Facebook rearranges the digital furniture quarterly. Each social platform is constantly adding new features and removing old ones. Don’t get me started with algorithms. How do we use CreateSpace? How do we know what publishing option is best or even how to get started? Some of us don’t learn so well from books. We need face-time with good teachers and professionals who know what they’re doing because they’ve done it.
The Face of the Modern Writer…Times are a Changin’
Who is the modern writer? He looks a lot like the retiree on a fixed income, the mom juggling two jobs, or the Stay-At-Home Dad scrabbling for all the freelance work he can get so he has the joy of being with his children.
In a corporate culture that frowns on taking vacation (and is often stingier than Ebeneezer Scrooge with days off) how realistic is relying on a traditional conference? The economy is suffering and our money no longer goes as far.
Travel is now nothing short of a nightmare.
Arrive an hour and a half early. Get half-undressed. Wait for the TSA to swab snacks for bomb residue, and hope to GOD the plane doesn’t have mechanical issues because, with fewer planes in the air? We might not even make our destination.
Even if a conference is priced reasonably, air travel, parking, food, hotel, and time off work (and possibly babysitting) add up quickly. A $200 conference can become $1000 out-of-pocket quickly (or more).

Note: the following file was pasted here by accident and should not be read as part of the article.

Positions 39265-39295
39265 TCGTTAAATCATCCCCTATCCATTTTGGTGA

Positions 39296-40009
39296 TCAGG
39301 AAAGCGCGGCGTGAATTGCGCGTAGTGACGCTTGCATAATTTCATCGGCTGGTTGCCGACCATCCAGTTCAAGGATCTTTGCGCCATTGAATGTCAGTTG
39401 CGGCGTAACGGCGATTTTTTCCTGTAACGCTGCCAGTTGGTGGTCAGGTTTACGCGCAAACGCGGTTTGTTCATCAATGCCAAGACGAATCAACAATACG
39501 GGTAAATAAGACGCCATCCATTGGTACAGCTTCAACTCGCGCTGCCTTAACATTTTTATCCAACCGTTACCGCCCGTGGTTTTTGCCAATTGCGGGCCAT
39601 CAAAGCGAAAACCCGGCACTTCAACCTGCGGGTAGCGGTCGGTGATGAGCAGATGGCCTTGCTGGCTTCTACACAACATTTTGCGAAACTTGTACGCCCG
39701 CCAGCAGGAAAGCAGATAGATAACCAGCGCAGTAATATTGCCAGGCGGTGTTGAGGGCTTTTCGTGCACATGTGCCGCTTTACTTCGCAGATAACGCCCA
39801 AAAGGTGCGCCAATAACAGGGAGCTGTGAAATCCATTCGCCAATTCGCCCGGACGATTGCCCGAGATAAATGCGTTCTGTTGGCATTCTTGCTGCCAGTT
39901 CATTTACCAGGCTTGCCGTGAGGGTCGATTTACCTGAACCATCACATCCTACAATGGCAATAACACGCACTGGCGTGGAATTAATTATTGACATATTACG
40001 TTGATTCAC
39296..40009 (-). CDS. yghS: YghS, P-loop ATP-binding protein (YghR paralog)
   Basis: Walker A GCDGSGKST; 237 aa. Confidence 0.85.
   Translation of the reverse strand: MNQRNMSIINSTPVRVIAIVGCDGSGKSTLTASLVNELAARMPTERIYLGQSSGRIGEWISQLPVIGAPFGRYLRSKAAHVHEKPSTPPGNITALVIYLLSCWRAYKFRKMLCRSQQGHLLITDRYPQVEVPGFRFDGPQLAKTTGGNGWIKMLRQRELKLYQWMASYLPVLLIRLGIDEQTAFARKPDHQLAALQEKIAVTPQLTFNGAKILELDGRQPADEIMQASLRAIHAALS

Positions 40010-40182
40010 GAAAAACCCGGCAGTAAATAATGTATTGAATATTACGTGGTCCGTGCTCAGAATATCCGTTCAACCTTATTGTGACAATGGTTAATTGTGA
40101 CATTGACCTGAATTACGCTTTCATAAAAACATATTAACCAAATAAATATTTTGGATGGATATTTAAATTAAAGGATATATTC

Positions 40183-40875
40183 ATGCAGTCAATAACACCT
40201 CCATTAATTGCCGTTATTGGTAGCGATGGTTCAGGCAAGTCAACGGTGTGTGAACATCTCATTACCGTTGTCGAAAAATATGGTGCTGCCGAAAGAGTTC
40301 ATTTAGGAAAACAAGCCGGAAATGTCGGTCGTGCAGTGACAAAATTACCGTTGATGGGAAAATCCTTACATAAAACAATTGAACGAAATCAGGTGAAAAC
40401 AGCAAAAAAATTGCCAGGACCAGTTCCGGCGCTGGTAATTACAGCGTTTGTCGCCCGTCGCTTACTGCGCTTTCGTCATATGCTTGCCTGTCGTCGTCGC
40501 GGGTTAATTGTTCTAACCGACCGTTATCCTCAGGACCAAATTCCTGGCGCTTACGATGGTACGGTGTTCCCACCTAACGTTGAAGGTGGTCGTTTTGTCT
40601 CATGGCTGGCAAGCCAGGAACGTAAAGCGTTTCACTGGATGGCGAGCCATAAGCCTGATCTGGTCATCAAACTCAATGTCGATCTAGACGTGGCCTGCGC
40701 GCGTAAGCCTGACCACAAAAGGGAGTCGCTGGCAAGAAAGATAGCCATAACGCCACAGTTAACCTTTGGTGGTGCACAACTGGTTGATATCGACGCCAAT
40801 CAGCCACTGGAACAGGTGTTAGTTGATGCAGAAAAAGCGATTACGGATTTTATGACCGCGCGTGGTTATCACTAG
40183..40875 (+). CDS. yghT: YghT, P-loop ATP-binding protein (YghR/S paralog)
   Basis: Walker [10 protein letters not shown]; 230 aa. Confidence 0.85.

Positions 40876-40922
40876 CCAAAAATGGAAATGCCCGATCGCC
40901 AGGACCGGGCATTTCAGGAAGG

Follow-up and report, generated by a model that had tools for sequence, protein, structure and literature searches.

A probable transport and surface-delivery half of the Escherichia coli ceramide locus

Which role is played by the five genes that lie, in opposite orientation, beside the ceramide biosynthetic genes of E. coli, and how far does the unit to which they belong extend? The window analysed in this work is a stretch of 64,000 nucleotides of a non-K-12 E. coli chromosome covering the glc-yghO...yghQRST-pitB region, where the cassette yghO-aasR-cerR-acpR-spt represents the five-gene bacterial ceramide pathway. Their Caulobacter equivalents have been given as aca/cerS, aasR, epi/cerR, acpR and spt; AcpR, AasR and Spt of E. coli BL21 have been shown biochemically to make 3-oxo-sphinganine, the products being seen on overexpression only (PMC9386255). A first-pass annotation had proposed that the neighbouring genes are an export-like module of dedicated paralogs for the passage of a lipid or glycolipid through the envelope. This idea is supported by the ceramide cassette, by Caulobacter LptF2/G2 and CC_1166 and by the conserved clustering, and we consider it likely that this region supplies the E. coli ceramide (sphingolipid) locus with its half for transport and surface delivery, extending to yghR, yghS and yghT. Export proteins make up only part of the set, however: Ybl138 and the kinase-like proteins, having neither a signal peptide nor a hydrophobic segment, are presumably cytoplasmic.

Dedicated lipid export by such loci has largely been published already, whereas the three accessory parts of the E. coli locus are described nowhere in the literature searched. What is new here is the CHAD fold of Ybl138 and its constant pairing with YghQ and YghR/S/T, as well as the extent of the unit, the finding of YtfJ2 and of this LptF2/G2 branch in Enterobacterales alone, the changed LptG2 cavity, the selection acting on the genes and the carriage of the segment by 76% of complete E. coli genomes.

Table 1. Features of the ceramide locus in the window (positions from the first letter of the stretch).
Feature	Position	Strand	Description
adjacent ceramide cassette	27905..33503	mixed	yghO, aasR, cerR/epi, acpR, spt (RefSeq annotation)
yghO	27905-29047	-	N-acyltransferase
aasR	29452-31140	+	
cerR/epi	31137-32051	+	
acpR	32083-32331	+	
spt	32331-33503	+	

Many writers have disabilities or health issues. Doesn’t mean they can’t write like the wind, but travel is a beating. I was once stranded in San Diego Airport for 15 hours with nothing to eat—made it home at almost SIX in the morning. Imagine if I was over 65 or in a wheelchair?
DELTA banned me from flying back in 2002 because I “was drunk” and stranded me in Atlanta. I wasn’t drunk, they’d checked the wrong bag, the one with my anti-convulsive medicine and then refused me access to my bag. I wasn’t drunk, I was having complex partial seizures (which slur your speech and affect balance). I’ve been a disabled person flying and it is NO picnic (and I boycotted DELTA for years over this).